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Enercon Selects Maxwell Technologies’ Ultracapacitors

Enercon GmbH, a producer of wind turbines, has selected Maxwell’s BOOSTCAP ultracapacitors for backup energy storage and power delivery in its new E-48 800-kW wind turbines.

Alain Riedo, vice president and general manager of Maxwell’s Swiss subsidiary, Maxwell Technologies SA, said that the companies have signed a strategic supply agreement through which Enercon will source ultracapacitors exclusively from Maxwell.

“With an installed base of more than 7,300 wind turbines worldwide, Enercon is at the forefront of developing and producing megawatt class turbines,” Riedo said. “To optimize energy output and enhance system reliability and longevity, each of their turbines’ three blades has an independent braking and pitch adjustment mechanism with backup power to ensure its continuous operation in the event of a power failure. Enercon’s E48 turbines each incorporate more than 200 of our BOOSTCAP ultracapacitors for backup power.”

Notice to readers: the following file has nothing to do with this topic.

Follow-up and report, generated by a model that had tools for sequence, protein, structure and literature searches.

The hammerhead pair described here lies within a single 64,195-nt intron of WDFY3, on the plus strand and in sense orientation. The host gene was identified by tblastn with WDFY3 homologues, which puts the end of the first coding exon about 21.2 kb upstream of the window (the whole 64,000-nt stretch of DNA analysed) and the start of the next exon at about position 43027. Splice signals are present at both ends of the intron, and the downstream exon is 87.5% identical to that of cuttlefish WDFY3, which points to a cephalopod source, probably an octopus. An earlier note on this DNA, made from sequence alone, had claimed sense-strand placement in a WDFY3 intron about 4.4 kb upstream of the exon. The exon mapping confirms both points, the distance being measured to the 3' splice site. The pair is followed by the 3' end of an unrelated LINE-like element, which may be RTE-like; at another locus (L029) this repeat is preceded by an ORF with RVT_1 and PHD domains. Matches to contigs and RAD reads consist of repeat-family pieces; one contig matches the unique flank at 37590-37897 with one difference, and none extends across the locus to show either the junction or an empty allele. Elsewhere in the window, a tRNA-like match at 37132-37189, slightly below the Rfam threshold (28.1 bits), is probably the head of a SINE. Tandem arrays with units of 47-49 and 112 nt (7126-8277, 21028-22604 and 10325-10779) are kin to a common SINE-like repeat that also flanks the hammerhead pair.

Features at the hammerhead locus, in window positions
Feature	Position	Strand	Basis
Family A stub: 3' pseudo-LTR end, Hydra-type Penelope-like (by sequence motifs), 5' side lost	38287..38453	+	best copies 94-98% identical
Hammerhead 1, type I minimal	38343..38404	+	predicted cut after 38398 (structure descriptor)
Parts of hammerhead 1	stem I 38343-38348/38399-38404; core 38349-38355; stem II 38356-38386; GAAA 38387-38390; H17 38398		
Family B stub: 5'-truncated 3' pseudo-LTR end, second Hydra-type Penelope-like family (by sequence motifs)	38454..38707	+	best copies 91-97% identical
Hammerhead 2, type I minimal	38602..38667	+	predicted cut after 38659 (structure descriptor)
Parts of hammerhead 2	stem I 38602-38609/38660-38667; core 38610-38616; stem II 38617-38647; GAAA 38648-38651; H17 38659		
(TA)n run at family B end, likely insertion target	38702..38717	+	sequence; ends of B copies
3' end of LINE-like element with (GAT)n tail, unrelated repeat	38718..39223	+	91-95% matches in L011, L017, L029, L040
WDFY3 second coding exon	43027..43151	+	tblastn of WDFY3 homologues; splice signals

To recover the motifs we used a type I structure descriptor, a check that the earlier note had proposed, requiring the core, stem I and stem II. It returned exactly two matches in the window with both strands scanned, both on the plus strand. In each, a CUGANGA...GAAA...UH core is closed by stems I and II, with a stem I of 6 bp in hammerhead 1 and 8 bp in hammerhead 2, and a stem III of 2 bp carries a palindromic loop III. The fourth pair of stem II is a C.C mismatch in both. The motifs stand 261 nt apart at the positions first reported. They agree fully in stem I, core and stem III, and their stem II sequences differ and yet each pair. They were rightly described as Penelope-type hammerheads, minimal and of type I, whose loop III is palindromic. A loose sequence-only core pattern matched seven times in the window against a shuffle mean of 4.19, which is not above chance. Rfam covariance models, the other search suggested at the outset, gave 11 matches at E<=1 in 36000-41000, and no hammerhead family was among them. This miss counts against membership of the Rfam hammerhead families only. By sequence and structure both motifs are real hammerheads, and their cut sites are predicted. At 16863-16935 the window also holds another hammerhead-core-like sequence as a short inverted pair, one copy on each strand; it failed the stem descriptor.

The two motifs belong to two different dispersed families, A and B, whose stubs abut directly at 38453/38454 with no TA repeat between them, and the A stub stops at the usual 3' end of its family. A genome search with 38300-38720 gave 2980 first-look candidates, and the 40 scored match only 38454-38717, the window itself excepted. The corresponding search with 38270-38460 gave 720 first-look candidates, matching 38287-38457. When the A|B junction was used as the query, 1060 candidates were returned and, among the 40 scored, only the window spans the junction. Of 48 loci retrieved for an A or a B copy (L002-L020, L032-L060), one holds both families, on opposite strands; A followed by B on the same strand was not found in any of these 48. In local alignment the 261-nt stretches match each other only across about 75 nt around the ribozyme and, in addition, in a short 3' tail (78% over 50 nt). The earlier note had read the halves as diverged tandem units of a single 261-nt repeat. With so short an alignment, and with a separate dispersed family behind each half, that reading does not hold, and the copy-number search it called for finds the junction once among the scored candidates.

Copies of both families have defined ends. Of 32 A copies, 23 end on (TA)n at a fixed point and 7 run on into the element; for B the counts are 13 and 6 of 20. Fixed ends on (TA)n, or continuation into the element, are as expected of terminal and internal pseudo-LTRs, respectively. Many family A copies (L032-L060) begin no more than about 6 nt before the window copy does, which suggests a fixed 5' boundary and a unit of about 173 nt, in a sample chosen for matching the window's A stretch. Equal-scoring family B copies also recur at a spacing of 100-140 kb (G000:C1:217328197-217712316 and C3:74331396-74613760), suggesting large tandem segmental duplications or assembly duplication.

Ulrich Neundlinger, Enercon’s managing director of switching units, said that the company decided to use ultracapacitors for blade pitch system backup power after extensive testing confirmed their significant advantages over traditional battery solutions.

“Ultracapacitors enabled our engineers to solve a number of battery-related design challenges, including poor low temperature performance and limited cycle life,” Neundlinger said. “Maxwell’s products emerged as the clear choice for this application on the basis of their robust construction, long operating life and cost effectiveness. Our customers want systems that require no maintenance and operate reliably for many years, and we believe that BOOSTCAP products will allow us to continue to meet that expectation with our new generation of pitch systems.”

Industry sources place the current annual value of the global wind energy market at nearly $9 billion and project that yearly wind turbine unit sales now approaching 8,000 will grow by an average of more than 10% per year over the next five years. Neundlinger noted that new offshore installations are expected to account for an increasing share of that growth, and that ultracapacitors’ high reliability and long operating lifetime make them particularly attractive for offshore and other remote locations that are costly and difficult to service.

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